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By Phil Lawler, Catholic Culture, May 01, 2018
As Vatican officials prepare for a “summit meeting” with a delegation from the German hierarchy, to discuss the German bishops’ proposal for allowing intercommunion, John Allen of Crux provides a glimpse of reality:
Those who know the reality of German Catholicism generally say things break down like this: Most Catholics and Protestants in mixed marriages aren’t going to church on a regular basis anyway, so the issue of intercommunion doesn’t really arise. For those who do, and when the Protestant partner desires to receive Communion, most long ago found an understanding pastor and quietly have been taking part in the sacrament all along. Observers say the numbers who want Communion but who, for one reason or another, are blocked from it, are comparatively small.
In other words, this isn’t really a big issue. So why is it such a big issue? And come to think of it, couldn’t something similar be said about Amoris Laetitia and the question of Communion for divorced-and-remarried Catholics? How many people in that category are actually barred from Communion in practice? Aren’t most far more likely to stay away from Mass in any case—or, if they are Mass-goers, to find a pastor who will accommodate them?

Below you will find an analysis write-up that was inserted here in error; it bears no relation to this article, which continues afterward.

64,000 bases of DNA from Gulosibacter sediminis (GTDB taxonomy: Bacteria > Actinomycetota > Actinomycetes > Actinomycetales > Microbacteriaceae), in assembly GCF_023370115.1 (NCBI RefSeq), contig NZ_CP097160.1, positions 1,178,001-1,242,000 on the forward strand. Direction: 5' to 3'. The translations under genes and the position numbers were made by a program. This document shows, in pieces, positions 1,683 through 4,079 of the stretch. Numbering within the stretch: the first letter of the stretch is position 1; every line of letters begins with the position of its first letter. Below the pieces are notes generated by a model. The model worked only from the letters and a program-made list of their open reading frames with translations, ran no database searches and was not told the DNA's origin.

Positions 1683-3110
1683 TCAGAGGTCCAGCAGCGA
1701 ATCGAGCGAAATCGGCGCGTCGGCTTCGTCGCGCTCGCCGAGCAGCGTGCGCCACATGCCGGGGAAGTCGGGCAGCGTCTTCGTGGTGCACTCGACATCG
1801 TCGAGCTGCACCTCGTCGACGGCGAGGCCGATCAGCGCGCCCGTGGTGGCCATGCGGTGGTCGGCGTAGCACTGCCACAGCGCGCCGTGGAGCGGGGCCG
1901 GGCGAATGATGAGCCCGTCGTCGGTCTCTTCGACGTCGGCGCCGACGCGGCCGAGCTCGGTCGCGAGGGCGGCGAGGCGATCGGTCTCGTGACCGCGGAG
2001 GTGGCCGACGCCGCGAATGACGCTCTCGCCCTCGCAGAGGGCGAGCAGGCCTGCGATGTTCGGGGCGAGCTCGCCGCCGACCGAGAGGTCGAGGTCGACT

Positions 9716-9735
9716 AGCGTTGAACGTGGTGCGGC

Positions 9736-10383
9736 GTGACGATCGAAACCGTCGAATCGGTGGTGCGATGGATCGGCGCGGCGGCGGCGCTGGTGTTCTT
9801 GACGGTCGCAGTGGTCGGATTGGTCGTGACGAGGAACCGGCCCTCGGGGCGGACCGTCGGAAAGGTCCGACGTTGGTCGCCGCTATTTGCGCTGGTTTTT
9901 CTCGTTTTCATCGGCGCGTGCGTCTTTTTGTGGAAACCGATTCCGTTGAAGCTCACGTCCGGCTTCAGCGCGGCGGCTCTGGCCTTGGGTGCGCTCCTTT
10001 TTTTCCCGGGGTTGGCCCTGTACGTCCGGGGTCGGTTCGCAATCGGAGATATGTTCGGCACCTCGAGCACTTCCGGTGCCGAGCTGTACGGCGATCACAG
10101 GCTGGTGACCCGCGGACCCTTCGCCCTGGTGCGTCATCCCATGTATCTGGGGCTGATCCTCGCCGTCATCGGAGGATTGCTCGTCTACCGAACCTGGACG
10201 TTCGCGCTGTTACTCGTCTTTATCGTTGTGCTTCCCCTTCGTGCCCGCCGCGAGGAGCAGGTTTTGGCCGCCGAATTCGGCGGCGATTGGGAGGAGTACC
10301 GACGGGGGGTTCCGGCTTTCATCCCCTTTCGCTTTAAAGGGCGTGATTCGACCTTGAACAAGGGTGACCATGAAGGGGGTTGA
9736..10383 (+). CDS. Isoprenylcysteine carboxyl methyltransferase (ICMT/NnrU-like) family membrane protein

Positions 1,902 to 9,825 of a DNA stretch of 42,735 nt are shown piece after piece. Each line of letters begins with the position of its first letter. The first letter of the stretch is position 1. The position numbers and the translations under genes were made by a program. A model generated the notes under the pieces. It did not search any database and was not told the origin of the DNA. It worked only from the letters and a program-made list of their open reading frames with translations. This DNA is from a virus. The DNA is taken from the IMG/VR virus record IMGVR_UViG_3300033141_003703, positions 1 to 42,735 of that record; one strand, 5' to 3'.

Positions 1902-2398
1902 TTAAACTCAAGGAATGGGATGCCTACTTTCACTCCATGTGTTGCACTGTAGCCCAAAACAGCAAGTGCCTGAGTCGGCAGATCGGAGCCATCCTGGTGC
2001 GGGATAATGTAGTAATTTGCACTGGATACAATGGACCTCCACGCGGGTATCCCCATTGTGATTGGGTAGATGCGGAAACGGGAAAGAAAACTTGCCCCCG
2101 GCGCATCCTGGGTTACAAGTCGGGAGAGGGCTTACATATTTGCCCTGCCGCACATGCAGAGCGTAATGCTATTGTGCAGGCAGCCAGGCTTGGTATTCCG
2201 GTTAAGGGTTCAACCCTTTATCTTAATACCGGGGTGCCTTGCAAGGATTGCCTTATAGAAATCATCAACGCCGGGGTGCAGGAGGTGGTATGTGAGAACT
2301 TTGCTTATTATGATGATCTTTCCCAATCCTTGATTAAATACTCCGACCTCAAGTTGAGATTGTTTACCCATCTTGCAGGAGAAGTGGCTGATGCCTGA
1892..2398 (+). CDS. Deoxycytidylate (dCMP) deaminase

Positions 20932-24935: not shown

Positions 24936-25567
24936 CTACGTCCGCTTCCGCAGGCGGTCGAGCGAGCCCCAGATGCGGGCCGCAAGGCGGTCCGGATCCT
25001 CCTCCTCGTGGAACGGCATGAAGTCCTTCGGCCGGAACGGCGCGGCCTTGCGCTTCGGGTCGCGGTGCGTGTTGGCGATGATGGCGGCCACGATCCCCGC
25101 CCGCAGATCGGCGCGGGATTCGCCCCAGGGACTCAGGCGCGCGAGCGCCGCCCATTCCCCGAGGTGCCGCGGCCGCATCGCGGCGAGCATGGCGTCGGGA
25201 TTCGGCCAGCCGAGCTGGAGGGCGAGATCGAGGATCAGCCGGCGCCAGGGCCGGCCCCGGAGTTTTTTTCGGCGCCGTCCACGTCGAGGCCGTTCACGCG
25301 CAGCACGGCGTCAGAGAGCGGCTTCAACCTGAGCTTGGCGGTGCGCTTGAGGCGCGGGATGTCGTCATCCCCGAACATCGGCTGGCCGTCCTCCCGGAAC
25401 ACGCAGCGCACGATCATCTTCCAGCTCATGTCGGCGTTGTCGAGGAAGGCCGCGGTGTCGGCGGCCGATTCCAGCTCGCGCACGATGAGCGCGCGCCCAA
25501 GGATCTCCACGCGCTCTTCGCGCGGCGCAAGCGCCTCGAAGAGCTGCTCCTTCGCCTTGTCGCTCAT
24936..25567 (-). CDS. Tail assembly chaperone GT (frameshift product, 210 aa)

As Allen notes, their policy would not change things much for their own people in Germany. But it would cause enormous changes in other countries. Yet the German bishops (I should say a majority of the German bishops, not all) seem determined to plunge ahead with their proposal. Why?
Is the German hierarchy, not content with having driven hundreds of thousands of Catholics out of the Church in their own land, now seeking to export their model of failed leadership?
Phil Lawler has been a Catholic journalist for more than 30 years. He has edited several Catholic magazines and written eight books. Founder of Catholic World News, he is the news director and lead analyst at CatholicCulture.org. See full bio.